Skip to main content
Classroom standing in front of lake

Photo by Kimberley Pirie-Milko/Naturescapephoto


Teaching in the North

Dr. Jarod Milko

In the past few weeks, middle school students at Beaver Brae Senior Elementary School have participated in a cross country run and a mountain bike race right outside our school doors through the dense boreal forest on a vast trail system. Students walked to a local lake in fewer than 15 minutes and collected water samples to compare drinking water, tap water and bottled water under a microscope. Students took a five-minute bus ride to the rowing club and tried rowing for the first time. They learned math in the bush, studied symmetry in the environment and created art in nature. Students honoured survivors of residential schools during the National Day of Truth and Reconciliation by listening to local Elders and Knowledge Keepers share their stories, participating in cultural activities and enjoying traditional wild rice soup and bannock.

If you are a person who loves the outdoors, you will love the North. We leave school and have the option of going fishing, hunting, canoeing, kayaking, paddleboarding, hiking, boating, rock climbing and the list goes on. As a middle school teacher in Northwestern Ontario in the small city of Kenora, I feel privileged to be able to share some of my experiences of what it is like to teach and live in the North. I hope that educators reading this article finish with ideas for their own practice.

I teach middle school students in a Grade 7-12 school in Beaver Brae, which is part of the Keewatin-Patricia District School Board (KPDSB). The KPDSB is situated on the traditional land of the Anishinabeg people and the Métis people of Treaty 3, 5 and 9 territories. We have a high Indigenous population in Beaver Brae and the school board, as approximately 60% of all students self-identify as Indigenous. We are fortunate to have Elders and Knowledge Keepers closely connected to our schools. I have learned a wealth of knowledge from both and am always learning more. Elders and Knowledge Keepers are essential to our learning and help ensure cultural continuity.

Many of the First Nations communities and families are strong in Anishinaabe knowledge and practices. Anishinaabe language, however, appears to be spoken less in the younger generations. To support the revitalization of Indigenous languages, at Beaver Brae, we offer an option for students to learn Anishinaabemowin instead of core French as their second language class. Part of the Truth and Reconciliation Commission’s Calls to Action is to restore Indigenous languages that, through residential schools, were intended to be erased. Specifically, one Call to Action is “Protecting the right to Aboriginal languages, including the teaching of Aboriginal languages as credit courses.” By offering Anishinaabemowin courses, the younger generation has an opportunity to learn their traditional language in a public education setting. These programs go beyond just teaching the language, with communities and families bringing local knowledge to the curriculum.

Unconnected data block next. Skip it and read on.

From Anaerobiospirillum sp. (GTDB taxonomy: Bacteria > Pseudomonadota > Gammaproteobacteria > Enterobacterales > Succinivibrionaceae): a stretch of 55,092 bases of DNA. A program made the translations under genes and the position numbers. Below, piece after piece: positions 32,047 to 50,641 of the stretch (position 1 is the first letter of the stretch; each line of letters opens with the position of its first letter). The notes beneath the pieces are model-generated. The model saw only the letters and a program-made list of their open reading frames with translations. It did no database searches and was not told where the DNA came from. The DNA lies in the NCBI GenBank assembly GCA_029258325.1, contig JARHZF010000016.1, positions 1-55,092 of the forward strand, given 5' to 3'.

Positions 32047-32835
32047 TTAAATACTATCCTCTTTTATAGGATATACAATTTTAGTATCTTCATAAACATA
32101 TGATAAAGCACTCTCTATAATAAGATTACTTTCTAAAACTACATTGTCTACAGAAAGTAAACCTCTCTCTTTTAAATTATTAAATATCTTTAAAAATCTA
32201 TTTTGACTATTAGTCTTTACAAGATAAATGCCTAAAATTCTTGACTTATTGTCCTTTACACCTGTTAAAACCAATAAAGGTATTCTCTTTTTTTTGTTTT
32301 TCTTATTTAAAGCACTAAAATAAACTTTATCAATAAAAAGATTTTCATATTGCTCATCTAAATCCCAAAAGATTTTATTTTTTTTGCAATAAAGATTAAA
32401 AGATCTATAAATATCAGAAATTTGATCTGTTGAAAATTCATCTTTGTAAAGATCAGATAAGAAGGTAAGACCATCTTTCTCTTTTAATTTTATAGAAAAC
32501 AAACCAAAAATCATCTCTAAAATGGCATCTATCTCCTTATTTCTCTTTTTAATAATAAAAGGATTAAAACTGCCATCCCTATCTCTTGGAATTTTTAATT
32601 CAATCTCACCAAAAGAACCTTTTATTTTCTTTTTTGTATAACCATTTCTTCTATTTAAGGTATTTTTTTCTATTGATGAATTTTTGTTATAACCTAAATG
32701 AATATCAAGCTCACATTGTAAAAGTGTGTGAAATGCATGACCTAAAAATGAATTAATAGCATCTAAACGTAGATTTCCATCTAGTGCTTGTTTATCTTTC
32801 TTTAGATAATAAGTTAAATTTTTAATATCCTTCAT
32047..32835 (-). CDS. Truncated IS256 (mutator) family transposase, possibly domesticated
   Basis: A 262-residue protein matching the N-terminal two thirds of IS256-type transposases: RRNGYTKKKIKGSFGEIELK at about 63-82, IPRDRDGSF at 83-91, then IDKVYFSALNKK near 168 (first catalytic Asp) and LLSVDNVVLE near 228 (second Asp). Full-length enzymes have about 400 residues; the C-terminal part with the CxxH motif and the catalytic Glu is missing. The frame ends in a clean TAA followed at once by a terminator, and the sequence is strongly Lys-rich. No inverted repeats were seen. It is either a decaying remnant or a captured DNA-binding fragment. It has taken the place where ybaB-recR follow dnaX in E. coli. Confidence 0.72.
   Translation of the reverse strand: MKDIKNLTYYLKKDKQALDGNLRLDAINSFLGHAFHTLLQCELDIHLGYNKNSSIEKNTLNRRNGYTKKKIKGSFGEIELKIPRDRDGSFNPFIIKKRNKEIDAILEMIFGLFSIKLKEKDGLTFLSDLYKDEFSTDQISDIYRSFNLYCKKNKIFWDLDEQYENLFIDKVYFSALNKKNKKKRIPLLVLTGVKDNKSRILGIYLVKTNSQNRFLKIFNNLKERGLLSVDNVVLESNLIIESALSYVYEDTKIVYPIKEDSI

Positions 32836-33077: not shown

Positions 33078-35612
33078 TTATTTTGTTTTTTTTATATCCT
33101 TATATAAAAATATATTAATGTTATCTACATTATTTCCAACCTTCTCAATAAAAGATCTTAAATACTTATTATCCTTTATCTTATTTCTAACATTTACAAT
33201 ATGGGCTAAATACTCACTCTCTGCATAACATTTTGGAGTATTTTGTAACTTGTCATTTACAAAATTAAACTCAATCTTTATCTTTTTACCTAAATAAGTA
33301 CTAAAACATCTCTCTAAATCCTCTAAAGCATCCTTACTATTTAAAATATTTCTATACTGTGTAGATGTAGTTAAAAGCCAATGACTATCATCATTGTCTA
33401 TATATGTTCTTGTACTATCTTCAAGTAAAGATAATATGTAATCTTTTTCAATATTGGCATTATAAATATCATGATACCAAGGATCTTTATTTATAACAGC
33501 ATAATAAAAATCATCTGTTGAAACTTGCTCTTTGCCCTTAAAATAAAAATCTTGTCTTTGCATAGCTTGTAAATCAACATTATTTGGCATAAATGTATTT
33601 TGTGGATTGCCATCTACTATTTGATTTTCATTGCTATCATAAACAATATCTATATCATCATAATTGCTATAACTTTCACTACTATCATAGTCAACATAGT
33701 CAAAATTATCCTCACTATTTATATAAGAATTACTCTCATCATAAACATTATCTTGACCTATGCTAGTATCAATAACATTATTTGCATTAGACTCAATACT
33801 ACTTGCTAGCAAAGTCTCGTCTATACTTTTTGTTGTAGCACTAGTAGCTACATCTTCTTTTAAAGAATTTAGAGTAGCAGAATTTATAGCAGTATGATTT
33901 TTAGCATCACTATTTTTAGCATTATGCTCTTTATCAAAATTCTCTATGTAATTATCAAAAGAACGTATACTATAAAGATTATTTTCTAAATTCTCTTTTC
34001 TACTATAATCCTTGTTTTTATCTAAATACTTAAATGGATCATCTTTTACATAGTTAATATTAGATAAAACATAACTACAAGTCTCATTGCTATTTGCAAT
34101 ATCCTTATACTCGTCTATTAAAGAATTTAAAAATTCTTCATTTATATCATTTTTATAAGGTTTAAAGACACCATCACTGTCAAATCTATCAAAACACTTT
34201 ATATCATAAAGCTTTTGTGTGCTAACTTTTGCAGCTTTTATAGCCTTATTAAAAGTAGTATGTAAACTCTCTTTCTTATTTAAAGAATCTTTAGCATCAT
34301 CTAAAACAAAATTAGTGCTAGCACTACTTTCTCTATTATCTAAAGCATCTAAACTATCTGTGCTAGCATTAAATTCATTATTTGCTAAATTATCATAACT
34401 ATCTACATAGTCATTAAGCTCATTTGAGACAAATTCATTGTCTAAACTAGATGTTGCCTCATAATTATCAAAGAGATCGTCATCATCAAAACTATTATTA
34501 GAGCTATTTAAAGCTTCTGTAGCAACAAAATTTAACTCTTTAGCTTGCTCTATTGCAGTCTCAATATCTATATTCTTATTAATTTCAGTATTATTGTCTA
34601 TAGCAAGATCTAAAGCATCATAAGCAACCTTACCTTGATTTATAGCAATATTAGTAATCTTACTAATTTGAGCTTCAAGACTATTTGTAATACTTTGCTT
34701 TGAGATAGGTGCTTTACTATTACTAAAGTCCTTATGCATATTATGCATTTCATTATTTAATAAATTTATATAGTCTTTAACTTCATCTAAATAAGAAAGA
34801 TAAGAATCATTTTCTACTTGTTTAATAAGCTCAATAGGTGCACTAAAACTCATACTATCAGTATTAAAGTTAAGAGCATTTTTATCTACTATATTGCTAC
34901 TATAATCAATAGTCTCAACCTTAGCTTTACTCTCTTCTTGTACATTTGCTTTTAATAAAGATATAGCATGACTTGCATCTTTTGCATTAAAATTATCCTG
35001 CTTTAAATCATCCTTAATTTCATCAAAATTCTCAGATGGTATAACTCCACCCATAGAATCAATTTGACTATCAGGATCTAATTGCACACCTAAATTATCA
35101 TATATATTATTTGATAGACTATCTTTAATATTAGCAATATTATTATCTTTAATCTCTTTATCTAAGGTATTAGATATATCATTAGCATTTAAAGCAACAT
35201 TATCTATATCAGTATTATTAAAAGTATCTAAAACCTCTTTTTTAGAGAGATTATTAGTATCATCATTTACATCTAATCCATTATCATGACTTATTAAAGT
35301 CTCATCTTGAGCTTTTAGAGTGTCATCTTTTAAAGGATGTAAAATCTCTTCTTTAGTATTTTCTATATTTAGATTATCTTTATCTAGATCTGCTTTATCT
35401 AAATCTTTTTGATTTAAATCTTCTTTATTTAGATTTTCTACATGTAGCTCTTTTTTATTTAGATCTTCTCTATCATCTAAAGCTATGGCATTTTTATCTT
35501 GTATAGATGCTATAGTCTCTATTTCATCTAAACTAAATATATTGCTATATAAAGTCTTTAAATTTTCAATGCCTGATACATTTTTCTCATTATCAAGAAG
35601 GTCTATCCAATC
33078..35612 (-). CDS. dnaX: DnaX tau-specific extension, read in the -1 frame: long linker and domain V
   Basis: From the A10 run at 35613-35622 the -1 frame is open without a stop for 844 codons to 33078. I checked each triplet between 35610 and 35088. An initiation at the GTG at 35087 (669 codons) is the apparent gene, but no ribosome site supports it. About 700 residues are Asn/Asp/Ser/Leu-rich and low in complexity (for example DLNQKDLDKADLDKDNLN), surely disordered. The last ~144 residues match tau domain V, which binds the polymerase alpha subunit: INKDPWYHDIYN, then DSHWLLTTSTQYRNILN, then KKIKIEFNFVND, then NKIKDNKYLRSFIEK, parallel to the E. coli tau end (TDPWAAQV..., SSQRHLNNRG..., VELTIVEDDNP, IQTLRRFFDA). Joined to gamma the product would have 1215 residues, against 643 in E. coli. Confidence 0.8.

The KPDSB is unique in many ways. It spans an astounding 75,000 square kilometres, with Kenora in the west (only 45 minutes from the Manitoba border), Upsala in the East (just outside of Thunder Bay), and our most northern school in Pickle Lake. Our 5,000 students are very spread out. When schools get together for events such as a volleyball tournament, coaches and students prepare for a full day, sometimes leaving from school in the morning when it is still dark and arriving back at the school in the evening when it is dark again.